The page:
Russian diplomat visits PR students

li White

Russia’s “Father of Public Relations”, Alexander Borisov, spoke to the Public Relations Society of America yesterday afternoon in the student center.

Credit: Andrew popik

He’s a diplomat, a dean and a father of public relations in Russia. Not a short list of accomplishments by any standards.

Alexander Y. Borisov visited Kent State yesterday on the second stop of his Public Relations Society of America lecture tour. Borisov explained how he studied American public relations and implemented it in Russia.

Borisov said he came to a PRSA convention 15 years ago to absorb public relations in America. After networking with several PRSA executives, Borisov took his newfound information and fathered the study of public relations in Russia. Because of Borisov’s innovation, public relations in Russia is part of a global public relations industry worth $220 million.

“This trip is a nostalgic tour,” Borisov said. “It all began with PRSA inviting Russian interns to the United States.”

Then Borisov and the American PRSA executives partnered up again to create Russia’s own public relations society in July 1991.

The founding of public relations in Russia was sparked by the fall of the Soviet Union in 1991. During this time, Russia made a transition from communism to capitalism. This marked dramatic changes in Russia, a place where people once had benefits such as free education and health care.

“During the Soviet Union, all education was free and the state was budgeted by the government,” Borisov said. “When transitions to a new economy and capitalism started, (Russians) realized they must be self-sustained. PR coincided with this new society in Russia.”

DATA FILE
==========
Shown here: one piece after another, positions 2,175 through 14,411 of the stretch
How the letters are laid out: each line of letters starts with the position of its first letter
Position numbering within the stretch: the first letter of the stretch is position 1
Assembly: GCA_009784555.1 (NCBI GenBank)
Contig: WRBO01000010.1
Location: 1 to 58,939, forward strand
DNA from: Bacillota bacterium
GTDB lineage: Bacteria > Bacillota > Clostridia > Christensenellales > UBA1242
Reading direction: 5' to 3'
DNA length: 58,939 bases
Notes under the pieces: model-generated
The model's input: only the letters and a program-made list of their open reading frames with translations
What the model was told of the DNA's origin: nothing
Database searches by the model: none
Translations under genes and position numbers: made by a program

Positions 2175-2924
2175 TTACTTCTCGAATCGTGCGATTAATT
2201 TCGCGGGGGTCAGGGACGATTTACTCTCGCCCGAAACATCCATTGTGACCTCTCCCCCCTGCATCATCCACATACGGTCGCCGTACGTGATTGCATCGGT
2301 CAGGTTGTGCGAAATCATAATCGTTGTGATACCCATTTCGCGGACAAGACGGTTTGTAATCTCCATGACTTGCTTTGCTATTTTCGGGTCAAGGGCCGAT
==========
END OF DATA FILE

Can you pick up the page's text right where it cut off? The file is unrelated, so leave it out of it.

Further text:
This accomplishment was no easy feat as the Communist Party was still a political stronghold and axed any business venture that would weaken its power, Borisov said.

Borisov offered advice to students facing similar difficulties who are trying to break into the public relations job market.

“Young public relations professionals must be honest,” Borisov said. “Reputation is very important, and you won’t succeed if you diminish that.”

President of the Kent State Public Relations Student Society of America and senior public relations major, Joe DiMiero said he believes it is interesting that honesty spans public relations in all nations.

“Credibility is universal,” DiMiero said. “It doesn’t matter what country you’re in; if you’re not honest, you can’t work in PR.”

Contact College of Communication and Information reporter Ali White at [email protected].